• Propose changes concerning valve requirements for cylinders as outlined in ‘‘CGA V–9–2012, Compressed Gas Association Standard for Compressed Gas Cylinder Valves, Seventh Edition.’’
    • Incorporate CGA standard ‘‘CGA C–7–2014, Guide to Classification and Labeling of Compressed Gases, Tenth Edition.’’
    • Remove requirement for the marking of the service pressure on DOT 8 and DOT 8L cylinders.
    • Revise recordkeeping requirements for certain cargo tanks certified in accordance with the ASME Code.
    • Revise the printing tolerances for label and placard sizes.
    • Incorporate Department of Defense (DoD) explosives manual into § 171.7.
    • Allow use of electronic manifest.
    • Amend the HMR to acknowledge that the marked date of manufacture on a composite Intermediate Bulk Container (IBC) may differ from the marked date of manufacture on the inner receptacle of that IBC.
    • Revise the basis weight tolerance provided in § 178.516(b)(7) from ± 5 percent to ± 10 percent from the nominal basis weight reported in the initial design qualification test report for 4G boxes.
    • Comments are due NLT than 8/29/2016.  Want your say?  Here’s the link
  • In response to an urgent appeal from the COSTHA Council, PHMSA has issued a letter establishing a formal transition period for the newly revised rules regarding the safe packaging of Nitric Acid to take effect.  The revision published earlier this year mistakenly omitted a transition period, leaving shippers in the lurch to comply.  The new date is July 5th, 2017.  See the link here for a copy of the letter, spelling out the details

TSA

  • The TSA has issued an ICR which will require responders to transmit data about their security plans.  This ICR impacts both the highway system as well as rail, and is aimed primarily at transit systems.  See the ICR here
  • Yep; the TSA is also increasing its penalty fees for violations.  Here is the schedule of fees

FAA

  • The FAA is amending its regulations to allow the operation of small unmanned aircraft systems in the National Airspace System. These changes address the operation of unmanned aircraft systems and certification of their remote pilots. This rule will also prohibit model aircraft from endangering the safety of the National Airspace System.  The rule is effective on 8/29/2016, and here it is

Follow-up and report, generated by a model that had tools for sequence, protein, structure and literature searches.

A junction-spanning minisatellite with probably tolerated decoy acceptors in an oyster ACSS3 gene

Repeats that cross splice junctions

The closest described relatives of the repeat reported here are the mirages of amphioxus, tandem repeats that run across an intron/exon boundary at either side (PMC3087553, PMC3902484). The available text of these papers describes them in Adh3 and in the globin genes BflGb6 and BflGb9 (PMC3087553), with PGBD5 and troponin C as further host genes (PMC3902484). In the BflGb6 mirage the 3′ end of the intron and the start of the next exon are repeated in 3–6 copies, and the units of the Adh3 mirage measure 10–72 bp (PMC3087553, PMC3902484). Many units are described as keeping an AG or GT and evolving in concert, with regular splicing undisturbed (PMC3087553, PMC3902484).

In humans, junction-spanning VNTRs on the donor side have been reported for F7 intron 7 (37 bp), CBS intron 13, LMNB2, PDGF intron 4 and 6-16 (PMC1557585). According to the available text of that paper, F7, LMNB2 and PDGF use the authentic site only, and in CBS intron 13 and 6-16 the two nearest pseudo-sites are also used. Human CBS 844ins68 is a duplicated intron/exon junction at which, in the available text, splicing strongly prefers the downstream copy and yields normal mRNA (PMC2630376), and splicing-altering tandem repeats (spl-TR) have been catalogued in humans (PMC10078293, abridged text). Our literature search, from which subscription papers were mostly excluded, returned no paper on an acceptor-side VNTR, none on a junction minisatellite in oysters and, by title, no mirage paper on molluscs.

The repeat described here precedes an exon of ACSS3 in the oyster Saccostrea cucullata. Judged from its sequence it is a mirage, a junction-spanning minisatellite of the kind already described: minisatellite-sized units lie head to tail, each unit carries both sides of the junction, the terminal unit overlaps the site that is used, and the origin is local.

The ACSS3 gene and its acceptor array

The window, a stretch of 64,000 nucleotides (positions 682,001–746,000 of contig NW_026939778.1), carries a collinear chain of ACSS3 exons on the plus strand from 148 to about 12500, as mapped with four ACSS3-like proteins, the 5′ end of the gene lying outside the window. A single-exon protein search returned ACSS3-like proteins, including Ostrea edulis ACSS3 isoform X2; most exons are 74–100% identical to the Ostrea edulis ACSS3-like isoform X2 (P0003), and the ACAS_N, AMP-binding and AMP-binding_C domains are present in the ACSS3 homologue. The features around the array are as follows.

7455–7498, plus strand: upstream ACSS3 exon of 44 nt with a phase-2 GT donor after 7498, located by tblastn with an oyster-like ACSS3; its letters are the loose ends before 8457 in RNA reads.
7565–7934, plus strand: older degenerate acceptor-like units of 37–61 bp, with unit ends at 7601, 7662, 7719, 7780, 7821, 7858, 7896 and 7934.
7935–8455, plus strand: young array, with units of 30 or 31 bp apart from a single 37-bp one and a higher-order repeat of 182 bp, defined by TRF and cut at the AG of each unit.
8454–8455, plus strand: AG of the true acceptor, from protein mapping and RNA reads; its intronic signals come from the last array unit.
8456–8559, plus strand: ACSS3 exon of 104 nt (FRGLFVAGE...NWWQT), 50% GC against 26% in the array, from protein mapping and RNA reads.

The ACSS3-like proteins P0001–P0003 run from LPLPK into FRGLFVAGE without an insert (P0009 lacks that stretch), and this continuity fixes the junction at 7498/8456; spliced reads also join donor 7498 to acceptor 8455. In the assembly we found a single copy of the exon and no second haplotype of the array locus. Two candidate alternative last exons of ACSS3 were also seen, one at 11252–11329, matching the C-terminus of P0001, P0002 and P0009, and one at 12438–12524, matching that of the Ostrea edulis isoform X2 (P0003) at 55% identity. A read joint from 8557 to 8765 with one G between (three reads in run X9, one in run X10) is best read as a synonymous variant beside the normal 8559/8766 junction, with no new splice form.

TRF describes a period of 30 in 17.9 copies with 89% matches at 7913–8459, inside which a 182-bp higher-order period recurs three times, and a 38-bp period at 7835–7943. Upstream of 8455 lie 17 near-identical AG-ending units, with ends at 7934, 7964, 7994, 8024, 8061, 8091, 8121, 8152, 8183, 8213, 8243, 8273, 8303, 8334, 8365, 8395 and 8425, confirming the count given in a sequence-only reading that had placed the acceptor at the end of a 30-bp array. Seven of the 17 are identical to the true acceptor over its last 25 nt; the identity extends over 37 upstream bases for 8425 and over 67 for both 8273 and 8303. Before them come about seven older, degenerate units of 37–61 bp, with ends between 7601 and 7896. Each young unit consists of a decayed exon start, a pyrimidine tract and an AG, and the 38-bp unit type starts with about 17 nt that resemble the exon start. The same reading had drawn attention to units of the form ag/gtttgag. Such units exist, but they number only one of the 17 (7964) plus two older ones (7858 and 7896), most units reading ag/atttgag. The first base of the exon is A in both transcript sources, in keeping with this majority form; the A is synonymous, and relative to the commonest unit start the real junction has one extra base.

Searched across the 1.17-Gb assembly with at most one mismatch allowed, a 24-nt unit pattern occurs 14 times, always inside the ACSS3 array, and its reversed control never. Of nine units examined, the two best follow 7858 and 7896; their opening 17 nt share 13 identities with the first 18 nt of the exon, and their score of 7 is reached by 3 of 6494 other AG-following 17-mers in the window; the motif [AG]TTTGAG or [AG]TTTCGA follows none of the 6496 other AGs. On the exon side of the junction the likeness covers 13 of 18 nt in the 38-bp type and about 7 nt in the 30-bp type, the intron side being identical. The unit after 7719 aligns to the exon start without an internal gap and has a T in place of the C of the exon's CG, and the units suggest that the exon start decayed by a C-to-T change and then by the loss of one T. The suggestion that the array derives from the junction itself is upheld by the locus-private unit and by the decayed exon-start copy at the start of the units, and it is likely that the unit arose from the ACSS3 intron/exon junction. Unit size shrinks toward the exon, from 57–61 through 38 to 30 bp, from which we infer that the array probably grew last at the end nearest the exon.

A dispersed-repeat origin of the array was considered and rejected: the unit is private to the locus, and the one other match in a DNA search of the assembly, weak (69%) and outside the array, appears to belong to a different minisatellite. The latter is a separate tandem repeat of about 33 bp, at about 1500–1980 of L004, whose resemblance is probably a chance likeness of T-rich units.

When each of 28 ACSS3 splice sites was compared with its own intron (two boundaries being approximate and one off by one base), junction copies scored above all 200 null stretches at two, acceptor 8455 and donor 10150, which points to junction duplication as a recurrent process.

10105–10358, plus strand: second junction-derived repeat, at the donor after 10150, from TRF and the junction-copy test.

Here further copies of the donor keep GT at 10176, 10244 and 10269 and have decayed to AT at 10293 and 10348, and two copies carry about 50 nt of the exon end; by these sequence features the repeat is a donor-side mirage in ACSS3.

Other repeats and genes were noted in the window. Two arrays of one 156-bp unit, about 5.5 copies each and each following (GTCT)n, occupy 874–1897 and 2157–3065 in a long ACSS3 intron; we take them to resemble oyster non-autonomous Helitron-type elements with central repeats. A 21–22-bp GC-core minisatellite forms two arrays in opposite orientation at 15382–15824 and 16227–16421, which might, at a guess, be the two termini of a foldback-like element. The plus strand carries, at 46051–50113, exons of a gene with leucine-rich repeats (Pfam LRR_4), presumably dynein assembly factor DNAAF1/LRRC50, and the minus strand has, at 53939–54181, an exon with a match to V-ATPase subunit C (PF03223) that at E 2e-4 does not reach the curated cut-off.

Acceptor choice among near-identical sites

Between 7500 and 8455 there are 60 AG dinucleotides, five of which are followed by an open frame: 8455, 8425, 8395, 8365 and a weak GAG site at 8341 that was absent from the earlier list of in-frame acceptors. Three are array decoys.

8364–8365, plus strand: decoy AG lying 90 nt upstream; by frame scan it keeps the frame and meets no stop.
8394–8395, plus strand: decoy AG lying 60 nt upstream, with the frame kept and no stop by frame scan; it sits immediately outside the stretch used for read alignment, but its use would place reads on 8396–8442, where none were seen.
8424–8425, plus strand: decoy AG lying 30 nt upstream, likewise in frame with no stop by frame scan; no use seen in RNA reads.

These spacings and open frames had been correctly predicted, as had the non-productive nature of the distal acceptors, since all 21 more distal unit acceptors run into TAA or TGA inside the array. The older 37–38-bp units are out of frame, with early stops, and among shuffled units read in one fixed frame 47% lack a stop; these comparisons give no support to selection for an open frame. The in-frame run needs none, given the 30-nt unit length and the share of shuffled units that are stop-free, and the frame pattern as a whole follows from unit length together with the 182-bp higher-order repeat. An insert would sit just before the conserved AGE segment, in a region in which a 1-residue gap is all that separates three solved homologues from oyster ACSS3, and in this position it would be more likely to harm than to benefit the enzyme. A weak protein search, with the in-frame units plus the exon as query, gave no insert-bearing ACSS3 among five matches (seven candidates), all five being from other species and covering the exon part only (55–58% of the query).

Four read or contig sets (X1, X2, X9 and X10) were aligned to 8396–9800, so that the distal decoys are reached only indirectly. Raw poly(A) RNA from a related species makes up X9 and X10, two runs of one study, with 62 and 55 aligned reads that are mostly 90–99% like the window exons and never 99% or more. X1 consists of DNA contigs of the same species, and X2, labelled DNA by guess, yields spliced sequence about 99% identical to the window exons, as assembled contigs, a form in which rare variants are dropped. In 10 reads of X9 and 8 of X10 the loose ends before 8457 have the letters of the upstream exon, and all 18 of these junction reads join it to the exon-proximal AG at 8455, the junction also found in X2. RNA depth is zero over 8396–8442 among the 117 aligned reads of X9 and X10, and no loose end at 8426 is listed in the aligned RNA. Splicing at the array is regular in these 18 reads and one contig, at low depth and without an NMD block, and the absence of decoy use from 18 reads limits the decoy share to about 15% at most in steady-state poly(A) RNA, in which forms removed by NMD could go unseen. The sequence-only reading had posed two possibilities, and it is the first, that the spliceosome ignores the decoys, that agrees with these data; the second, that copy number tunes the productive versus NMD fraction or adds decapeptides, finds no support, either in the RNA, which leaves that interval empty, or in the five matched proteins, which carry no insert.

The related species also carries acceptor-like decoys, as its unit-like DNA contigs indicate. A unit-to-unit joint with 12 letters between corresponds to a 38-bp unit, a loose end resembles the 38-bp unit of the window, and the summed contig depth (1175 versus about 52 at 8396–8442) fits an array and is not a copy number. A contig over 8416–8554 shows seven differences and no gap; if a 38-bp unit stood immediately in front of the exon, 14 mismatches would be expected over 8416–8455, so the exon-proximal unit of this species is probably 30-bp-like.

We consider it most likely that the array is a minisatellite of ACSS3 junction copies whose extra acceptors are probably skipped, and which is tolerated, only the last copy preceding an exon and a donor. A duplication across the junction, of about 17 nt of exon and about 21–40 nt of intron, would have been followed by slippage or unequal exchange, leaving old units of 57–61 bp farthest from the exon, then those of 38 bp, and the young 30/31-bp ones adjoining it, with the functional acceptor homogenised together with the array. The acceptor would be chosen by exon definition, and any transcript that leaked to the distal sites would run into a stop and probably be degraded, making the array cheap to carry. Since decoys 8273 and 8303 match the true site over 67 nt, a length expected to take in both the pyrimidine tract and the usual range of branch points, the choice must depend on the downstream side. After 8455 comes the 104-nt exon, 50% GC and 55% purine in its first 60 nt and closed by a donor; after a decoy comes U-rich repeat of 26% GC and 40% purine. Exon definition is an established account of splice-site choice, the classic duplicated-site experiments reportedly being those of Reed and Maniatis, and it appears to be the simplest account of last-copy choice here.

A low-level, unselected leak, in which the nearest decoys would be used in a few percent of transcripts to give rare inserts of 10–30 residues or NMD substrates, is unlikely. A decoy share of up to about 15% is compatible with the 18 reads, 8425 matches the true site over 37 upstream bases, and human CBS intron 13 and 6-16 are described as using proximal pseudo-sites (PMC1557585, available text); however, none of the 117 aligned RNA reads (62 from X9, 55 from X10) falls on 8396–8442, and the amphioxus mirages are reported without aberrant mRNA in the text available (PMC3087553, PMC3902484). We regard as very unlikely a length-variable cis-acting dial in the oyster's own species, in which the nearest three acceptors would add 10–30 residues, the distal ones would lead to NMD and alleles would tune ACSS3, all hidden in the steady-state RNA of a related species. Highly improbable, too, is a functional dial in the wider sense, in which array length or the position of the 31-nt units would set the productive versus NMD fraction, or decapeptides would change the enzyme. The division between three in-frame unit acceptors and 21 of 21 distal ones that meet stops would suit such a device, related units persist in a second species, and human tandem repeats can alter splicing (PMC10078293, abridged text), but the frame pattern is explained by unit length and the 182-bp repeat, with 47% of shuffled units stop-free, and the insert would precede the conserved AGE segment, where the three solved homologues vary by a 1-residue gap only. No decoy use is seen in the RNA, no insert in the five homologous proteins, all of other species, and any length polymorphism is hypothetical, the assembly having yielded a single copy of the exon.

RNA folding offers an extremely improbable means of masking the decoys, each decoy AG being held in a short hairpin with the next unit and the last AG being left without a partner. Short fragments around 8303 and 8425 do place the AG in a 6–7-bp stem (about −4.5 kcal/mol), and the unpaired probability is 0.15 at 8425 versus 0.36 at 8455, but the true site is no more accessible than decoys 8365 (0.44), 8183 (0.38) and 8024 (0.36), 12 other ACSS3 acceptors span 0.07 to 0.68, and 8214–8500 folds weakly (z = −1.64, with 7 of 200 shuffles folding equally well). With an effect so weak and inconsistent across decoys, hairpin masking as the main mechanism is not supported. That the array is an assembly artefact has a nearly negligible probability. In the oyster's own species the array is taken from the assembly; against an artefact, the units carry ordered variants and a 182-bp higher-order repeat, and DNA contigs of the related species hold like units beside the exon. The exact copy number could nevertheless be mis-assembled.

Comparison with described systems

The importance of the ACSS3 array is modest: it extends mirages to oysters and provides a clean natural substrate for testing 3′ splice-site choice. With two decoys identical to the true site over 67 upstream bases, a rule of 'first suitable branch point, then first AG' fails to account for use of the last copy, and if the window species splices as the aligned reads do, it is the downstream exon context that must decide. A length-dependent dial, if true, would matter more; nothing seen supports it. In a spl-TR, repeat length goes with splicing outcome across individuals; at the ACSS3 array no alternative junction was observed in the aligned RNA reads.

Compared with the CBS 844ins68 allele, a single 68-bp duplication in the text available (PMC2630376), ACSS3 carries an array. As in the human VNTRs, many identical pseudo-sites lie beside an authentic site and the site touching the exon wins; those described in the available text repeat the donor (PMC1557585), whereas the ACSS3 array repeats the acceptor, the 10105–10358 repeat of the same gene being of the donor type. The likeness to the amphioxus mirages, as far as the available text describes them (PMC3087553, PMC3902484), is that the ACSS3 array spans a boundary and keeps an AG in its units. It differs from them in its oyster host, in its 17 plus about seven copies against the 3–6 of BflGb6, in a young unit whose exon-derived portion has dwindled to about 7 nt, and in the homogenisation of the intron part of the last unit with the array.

• The FAA also offered a correction to its recent rule in reference to the carriage and use of portable oxygen concentrators aboard commercial aircraft.  See the correction here
  • It’s not all work at FAA, nor sunshine and roses, either.  Worry is on the calendar as the agency’s fiscal reauthorization means caught up in House – Senate political horse trading over the issue of restrictions on—wait for it—Lithium Batteries.  Different priorities in the two bodies have led to the current slowdown in action.  A short term fix may be in the cards as the larger issues remain to be worked out.  Want the lowdown?  See the COSTHA’s report on the action here

IMO

In IMO news, the new SOLAS agreement regarding container weighing requirements went into effect as of July 1st.  Accurate gross weights for shipping containers must now be appended to the shipping documents.  See the provided link for an industry consortium’s guide to how to comply

U.S. Coast Guard

The US Coast Guard is also getting in to the “Penalty Adjustmetn” act.  This rule amends Department of Homeland Security (DHS or Department) regulations to adjust DHS and component civil monetary penalties for inflation. The adjusted penalties will be effective for civil penalties assessed after August 1, 2016 whose associated violations occurred after November 2, 2015. This rule is effective on August 1, 2016

U.S. EPA

Now that President Obama has signed the new version of the TSCA, the USEPA has released an Implementation Plan on how they intend to be guided by the legislation.  New chemicals receiving more stringent review tops the list of changes.  See the full plan here

OSHA

If you already guessed that OSHA would also get in on the “Penalty Fee Adjustment” craze this cycle—you’d be right.  OSHA is indeed doing so, and here are the new fees

Canada Health

In big news from Canada:  Health Canada (think OSHA, but in Canada) has released the first phase of its Technical Guidance on the Requirements of the Hazardous Products Act (HPA) and the Hazardous Products Regulations (HPR) – WHMIS 2015 Supplier Requirements. In plain English, that means the new WHMIS Health Act revised to incorporate the UNGHS.  You can get a copy of this vital-for-shippers-to-Canada publication via the following link


Labelmaster is a full service provider of products and services for the Hazardous Materials and Dangerous Goods professional, shippers, transport operators, and EH&S providers. See our full line of solutions at www.labelmaster.com.